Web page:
Why We Fight is a series of seven documentary films commissioned by the United States government during World War II whose purpose was to show American soldiers the reason for U.S. involvement in the war. Later on they were also shown to the general U.S. public to persuade them to support American involvement in the war. Each of them is in the common domain having been produced by the US government, available online, and linked below the fold: [more inside]
posted by Blasdelb on Sep 16, 2012 - 24 comments

“I used to take them at their word. I can’t do that anymore.”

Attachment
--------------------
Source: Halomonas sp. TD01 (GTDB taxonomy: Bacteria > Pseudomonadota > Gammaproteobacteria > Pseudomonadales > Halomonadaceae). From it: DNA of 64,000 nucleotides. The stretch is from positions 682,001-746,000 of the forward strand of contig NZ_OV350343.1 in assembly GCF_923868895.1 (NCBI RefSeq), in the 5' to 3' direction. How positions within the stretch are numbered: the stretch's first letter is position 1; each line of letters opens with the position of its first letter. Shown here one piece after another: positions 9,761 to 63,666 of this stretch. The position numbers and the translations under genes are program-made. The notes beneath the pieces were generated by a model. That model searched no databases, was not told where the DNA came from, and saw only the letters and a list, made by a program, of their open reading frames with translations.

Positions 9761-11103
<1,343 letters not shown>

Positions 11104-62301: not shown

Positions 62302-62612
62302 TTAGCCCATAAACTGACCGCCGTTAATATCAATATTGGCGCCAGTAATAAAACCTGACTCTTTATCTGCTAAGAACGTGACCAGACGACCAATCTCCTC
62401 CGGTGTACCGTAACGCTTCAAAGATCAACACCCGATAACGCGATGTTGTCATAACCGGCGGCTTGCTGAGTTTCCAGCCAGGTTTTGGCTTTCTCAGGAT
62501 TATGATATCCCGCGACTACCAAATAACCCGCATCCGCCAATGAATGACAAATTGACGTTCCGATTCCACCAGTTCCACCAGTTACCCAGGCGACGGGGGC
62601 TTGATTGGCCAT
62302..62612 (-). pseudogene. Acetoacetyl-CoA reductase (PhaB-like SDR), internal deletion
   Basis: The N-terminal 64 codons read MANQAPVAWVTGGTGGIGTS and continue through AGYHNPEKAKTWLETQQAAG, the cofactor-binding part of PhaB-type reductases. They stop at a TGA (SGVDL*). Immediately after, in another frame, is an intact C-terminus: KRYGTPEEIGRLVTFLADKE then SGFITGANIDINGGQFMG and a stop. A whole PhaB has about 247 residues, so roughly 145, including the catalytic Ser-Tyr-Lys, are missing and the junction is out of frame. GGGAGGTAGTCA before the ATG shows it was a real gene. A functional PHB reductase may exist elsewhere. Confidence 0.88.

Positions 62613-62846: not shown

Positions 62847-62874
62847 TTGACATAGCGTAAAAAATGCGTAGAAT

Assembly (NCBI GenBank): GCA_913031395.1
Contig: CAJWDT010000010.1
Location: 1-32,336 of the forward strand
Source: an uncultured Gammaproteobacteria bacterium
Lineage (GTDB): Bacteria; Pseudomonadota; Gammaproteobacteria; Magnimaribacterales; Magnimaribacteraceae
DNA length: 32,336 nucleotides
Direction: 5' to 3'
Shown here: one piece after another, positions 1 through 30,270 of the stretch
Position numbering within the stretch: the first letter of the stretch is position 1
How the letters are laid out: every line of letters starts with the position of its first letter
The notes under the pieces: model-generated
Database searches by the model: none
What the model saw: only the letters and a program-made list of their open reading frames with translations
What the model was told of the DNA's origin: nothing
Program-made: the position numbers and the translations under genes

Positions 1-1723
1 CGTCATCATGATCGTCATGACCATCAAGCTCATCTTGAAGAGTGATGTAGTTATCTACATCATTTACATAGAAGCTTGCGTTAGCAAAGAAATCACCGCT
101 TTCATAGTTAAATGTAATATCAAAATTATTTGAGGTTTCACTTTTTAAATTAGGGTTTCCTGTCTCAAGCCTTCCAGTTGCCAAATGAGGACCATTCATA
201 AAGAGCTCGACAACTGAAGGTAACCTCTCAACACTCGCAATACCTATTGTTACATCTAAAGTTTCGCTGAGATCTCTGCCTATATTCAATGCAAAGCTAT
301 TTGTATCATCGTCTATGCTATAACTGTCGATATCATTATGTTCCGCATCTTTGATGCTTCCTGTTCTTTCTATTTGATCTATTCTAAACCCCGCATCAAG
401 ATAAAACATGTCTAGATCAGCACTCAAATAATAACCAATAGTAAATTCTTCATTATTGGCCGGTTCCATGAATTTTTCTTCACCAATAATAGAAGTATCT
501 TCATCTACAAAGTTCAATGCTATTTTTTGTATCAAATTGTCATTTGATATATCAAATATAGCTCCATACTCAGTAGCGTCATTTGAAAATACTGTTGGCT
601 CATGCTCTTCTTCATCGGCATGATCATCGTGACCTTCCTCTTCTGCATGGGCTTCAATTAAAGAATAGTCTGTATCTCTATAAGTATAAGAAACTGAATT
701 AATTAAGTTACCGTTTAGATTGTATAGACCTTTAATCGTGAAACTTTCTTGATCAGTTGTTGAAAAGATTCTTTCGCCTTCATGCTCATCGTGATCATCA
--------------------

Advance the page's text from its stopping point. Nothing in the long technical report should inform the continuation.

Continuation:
824,273 disabled veterans are currently awaiting a response on claims from the US Department of Veterans Affairs. On average, it takes the government 257 days to respond, and there has been a 7.2% growth in claims over the last 1.3 years -- so the delays are growing. While they wait, veterans often cannot access health care from the agency or receive disability compensation. Plus, the backlog on claim appeals is at least 3.5 years. So how can veterans avoid the backlog? A special investigation by the Bay Area Citizen shows that processing speed is a matter of geographic location: veterans in sparsely populated areas have their claims filled faster than those living in urban centers. Interactive Map: Where is Worst Backlog? Related video and transcript.
posted by zarq on Aug 30, 2012 - 33 comments